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Featured Articles from Herald-Mail

News | By DAN DEARTH and dan.dearth@herald-mail.com | February 25, 2011
A Hagerstown soldier accused of killing an unarmed Afghan civilian last September was an exemplary leader who showed solid judgment and looked out for his men, an eyewitness to the incident told Army officials in military proceedings. Spc. Charles Miller testified during an Article 32 hearing, which is similar to a civilian grand jury, that Sgt. Derrick Miller, 27, was a "squared away" soldier who acted "reasonably in pressure situations. " "I wouldn't question his judgment if he believed the use of deadly force was necessary," Charles Miller said.
NEWS
by JASON STEIN / Wheelbase Communications | July 16, 2006
Sometimes, she says, when times are tough and she's feeling lonely, she still cries. It might last 10 seconds. It might last longer. But deep down, Teresa Earnhardt, auto racing's most famous widow and one of NASCAR's most influential team owners, knows that the pain will never go away. "I hate it," Teresa Earnhardt once told NBC's Dateline news program. "I hate it so bad, feeling bad, that I just turn it off. I miss him and I always will. Just terribly. But I'm not going to feel bad about it. I'm going to feel glad about what I had. " What she had was, in a word, everything.
NEWS
March 24, 2013
What are the regulations in Maryland for obtaining historic tags for your car or truck? Once you get the historic registration, are there restrictions for how you are allowed to use the vehicle? The Maryland Motor Vehicle Administration website at www.mva.maryland.gov provides the following information about historic registration: To qualify for historic registration, your vehicle must not have been substantially altered, remodeled or remanufactured from its original design; must be a passenger vehicle, motorcycle or truck (with a gross vehicle weight rating of 10,000 pounds or less)
LIFESTYLE
By MARIE GILBERT | marieg@herald-mail.com | May 12, 2013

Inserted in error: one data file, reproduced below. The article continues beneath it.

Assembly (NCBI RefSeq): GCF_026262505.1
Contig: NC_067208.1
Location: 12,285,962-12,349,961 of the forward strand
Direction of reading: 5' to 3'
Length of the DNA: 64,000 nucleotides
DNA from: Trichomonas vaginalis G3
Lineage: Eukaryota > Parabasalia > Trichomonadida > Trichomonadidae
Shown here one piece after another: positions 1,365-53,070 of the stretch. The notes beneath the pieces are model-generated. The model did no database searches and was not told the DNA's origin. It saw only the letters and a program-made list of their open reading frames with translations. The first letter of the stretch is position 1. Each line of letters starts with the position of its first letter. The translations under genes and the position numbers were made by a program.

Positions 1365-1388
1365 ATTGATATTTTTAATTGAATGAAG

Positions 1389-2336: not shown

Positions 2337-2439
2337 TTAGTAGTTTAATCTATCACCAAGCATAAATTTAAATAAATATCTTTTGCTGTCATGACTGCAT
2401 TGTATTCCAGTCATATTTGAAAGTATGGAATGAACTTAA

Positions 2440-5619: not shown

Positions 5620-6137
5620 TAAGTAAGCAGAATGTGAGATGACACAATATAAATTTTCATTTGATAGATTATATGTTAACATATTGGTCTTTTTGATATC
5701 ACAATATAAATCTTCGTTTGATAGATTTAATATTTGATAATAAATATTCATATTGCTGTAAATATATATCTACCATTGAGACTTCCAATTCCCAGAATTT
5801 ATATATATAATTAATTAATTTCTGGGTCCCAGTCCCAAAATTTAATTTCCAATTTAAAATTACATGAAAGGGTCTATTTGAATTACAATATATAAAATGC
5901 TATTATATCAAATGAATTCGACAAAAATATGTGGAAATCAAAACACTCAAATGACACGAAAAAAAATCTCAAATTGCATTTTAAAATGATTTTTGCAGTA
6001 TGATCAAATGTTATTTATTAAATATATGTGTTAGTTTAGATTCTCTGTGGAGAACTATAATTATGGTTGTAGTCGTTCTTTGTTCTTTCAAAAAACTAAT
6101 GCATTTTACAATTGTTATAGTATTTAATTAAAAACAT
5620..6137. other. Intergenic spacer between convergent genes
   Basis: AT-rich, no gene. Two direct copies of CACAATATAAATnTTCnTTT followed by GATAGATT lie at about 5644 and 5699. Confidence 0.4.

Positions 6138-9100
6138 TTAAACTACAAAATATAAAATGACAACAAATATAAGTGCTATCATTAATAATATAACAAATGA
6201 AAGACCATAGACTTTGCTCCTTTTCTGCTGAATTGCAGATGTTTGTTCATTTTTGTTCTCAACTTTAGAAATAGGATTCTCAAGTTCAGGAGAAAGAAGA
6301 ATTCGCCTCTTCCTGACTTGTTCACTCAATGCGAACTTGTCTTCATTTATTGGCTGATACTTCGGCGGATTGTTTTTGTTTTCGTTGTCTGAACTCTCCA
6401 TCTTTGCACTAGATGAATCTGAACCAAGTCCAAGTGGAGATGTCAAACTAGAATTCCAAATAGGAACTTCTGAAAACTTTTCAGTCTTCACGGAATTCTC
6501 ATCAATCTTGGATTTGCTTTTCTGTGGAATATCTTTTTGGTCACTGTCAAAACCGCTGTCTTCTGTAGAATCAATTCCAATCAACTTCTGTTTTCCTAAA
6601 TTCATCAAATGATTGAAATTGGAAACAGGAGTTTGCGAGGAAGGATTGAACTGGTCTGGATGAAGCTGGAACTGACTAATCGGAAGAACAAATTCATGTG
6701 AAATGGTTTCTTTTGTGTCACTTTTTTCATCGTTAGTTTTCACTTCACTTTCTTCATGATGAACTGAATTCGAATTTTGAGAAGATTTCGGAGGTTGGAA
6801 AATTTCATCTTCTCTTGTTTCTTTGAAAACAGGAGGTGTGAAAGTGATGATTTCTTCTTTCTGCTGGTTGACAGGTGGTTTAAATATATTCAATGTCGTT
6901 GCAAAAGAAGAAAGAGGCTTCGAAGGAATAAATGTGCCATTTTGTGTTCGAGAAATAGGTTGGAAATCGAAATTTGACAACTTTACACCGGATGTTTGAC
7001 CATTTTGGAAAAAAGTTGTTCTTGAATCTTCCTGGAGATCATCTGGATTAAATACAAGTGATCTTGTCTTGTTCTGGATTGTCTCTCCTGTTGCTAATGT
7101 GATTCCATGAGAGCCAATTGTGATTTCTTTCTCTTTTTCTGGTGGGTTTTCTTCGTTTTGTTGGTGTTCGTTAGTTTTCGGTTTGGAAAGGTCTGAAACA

It began with piece of junk mail. Because you were busy, you tossed it on a table, and moved on to other, more important things in your life. But the next day, a magazine and a store catalog landed there, plus several birthday cards from friends and a week's worth of newspapers. Every time you passed by, you considered sorting through the items and discarding what you didn't need. Instead, you continued adding to the pile, telling yourself you'd get around to straightening things up as soon as you had some free time.
NEWS
by CANDICE BOSELY | July 6, 2003
martinsburg@herald-mail.com Lt. K.C. Bohrer, a 25-year veteran of the Berkeley County Sheriff's Department, started to tell a story about a case one of his co-workers is handling that involves heroin. Before he could delve into the details the co-worker, Sgt. Gary Harmison, interrupted him. "It all relates to heroin," Harmison said, stressing the word "all. " Bohrer, Harmison and Sgt. Russell Shackelford, members of the Sheriff's Department's Criminal Investigation Division, said that lately at least half of their time is spent working on cases related to heroin, which they said is becoming the drug of choice in the county.
NEWS
By ROXANN MILLER | roxann.miller@herald-mail.com | May 28, 2011
Hundreds came out Saturday to honor the memory of U.S. Army Master Sgt. Benjamin Franklin Bitner at a memorial service at Rescue Hose Co. No. 1. Bitner, 37, a native of Greencastle, was killed April 23 in Afghanistan by an improvised explosive device. As the song "Story of My Life" played in the background, clips of Bitner passed in front of the eyes of more than 400 family members, friends and community members who attended the service. For those who knew him or wanted to know him better, the video helped the crowd honor Bitner's memory on a more personal level.
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